The poet endured desperately lonely years as a teenager. But there's always humor mingled with the bittersweet reflection. As a young man, the protagonist carried hefty books under his arms to make his biceps look larger to attract women. His mother was an excessively frugal woman who surprisingly banked a small fortune, living simply. The poet also had a heavy-set Uncle Tubby who died in his recliner shortly after his retirement.

Soon Ted begins a long stint of radiation treatment. After each treatment, he places a pebble on the window frame as a marker. Though his wife shares the journey with him, the focus is on Ted.

A drawback to this type of sensitive, introspective writing is that since it's derived from poetic roots, there is a lack of strong dramatic "stage" conflict. Everything feels low-key, reflective and understated. There are few tight, heightened moments, highly energized or earth-shattering. It's not that type of show, of course. Ted's bout with cancer is told matter-of-factly — his reactions are almost muted. Yes, the poet feels betrayed and short-changed by his illness, but there's not a lot of intensity.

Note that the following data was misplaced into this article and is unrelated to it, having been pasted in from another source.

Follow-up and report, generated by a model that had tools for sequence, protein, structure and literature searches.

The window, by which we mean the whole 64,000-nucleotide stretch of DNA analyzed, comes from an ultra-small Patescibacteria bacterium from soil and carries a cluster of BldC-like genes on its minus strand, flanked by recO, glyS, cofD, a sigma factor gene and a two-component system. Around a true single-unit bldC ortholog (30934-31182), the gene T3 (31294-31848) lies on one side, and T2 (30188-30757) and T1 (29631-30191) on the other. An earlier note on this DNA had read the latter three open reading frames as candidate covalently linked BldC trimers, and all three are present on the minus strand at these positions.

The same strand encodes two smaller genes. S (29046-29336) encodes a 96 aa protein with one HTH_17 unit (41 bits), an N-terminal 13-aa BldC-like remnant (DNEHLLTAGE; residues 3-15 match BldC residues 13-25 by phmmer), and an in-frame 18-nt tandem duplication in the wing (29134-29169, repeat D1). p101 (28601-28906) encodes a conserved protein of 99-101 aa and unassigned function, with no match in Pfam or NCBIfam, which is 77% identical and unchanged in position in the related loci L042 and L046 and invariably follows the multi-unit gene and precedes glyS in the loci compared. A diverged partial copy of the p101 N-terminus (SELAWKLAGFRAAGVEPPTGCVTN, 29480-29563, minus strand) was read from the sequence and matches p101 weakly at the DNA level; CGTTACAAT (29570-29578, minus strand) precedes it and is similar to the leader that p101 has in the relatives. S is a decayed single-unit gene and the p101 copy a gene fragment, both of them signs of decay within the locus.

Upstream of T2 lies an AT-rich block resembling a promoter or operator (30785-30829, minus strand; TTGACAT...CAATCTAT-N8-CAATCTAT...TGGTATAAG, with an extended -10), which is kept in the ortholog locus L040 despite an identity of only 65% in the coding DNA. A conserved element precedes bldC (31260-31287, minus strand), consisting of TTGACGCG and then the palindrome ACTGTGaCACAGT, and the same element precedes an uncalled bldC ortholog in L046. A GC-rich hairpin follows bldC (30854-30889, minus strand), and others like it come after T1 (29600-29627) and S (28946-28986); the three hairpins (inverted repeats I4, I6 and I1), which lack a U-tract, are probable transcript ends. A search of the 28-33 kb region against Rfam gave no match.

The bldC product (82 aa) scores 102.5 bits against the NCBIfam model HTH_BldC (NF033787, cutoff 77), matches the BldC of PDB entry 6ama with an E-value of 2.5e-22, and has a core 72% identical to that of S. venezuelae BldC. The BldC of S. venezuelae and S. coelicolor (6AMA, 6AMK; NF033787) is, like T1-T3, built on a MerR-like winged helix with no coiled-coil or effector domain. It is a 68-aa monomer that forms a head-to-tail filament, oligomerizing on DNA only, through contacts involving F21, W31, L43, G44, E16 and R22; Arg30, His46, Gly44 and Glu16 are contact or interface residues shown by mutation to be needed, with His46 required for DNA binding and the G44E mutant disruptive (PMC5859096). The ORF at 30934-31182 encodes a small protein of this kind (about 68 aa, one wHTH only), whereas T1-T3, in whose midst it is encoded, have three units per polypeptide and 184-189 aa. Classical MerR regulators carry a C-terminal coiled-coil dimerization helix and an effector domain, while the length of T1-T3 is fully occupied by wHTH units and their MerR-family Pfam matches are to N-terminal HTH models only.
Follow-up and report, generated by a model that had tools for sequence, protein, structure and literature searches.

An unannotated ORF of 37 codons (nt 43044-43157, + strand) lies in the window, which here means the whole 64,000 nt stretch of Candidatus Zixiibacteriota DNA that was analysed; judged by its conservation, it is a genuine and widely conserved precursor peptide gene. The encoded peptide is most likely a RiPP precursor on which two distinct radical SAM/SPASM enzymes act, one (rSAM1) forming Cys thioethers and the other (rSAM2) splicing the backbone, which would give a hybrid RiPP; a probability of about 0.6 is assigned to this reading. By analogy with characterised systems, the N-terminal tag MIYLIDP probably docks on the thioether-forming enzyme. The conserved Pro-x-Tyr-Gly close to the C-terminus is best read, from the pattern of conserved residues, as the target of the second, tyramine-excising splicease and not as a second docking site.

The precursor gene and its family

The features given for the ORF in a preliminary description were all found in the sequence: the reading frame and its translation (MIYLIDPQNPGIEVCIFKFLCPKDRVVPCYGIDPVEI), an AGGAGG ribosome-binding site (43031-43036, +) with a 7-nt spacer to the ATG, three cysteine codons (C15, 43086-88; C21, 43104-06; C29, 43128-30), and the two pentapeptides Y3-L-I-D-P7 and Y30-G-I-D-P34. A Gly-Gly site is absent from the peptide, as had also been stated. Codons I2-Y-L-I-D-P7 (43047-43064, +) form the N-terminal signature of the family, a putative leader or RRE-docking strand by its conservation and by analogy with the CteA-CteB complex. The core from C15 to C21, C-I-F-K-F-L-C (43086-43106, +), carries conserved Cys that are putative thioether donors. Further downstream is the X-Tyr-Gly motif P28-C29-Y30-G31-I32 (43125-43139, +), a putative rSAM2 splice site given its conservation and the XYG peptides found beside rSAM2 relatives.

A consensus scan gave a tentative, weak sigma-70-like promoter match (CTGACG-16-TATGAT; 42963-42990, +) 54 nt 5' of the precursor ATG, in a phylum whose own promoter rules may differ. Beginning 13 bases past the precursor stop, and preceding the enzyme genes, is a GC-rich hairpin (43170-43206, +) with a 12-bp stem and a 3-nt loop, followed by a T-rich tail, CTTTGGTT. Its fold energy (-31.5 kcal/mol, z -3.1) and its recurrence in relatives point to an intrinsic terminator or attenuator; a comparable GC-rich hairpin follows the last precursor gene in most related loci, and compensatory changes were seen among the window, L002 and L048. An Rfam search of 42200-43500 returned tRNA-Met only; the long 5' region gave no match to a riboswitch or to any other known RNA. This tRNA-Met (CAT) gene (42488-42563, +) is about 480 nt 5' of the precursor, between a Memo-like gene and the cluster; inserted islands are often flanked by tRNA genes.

This gentle work has the feeling of nostalgic anthology, a sweet backward glance at a painful time when the poet took daily walks (often with his old dog) to reflect on his early life.


Each episode is a sweet, homespun interlude, but they distract us from the dramatic focus — his cancer. For a time his son by another marriage moves onto their property and lives in a converted corn crib, so Ted has a chance to be a full-time father at this precarious point in midlife.

The episodic musical drama includes some warm seasonal interludes. A Christmas flashback evokes an early teenage job Ted had making hundreds of ribbon bows for gifts purchased in his father's store.

As Kooser enters remission, he achieves a renewed sense of wonder and clarity. He finds fulfillment, experiencing delight in ordinary everyday observation in his own backyard.

"You need never leave home," Ted comments, as he reflects on the comforts and sanctity of country pleasures, which he now sees more clearly. It's like Dorothy Gale in the closing moments of The Wizard of Oz: "There's no place like home."

Pianist James Robinson Parran, seated stage right, also joins in the singing at times.

Local Wonders is produced by Mary Pat Sieck (artistic and managing director of Open Door Repertory in Oak Park), Amandes is the music director, and Holly Windingstad designed the set.

This play was workshopped in 2005, a year after Kooser's book was published. It was produced in 2006 by the Nebraska Repertory Theatre. Witnessing the local premiere of a new work is always thrilling, but this is doubly so since so many local talents and supporters are involved in the production.

Doug Deuchler is a retired teacher/school librarian who, when he isn't reviewing local theater for Wednesday Journal, is a stand-up comic, tour guide/docent and author of several books about Oak Park and surrounding communities.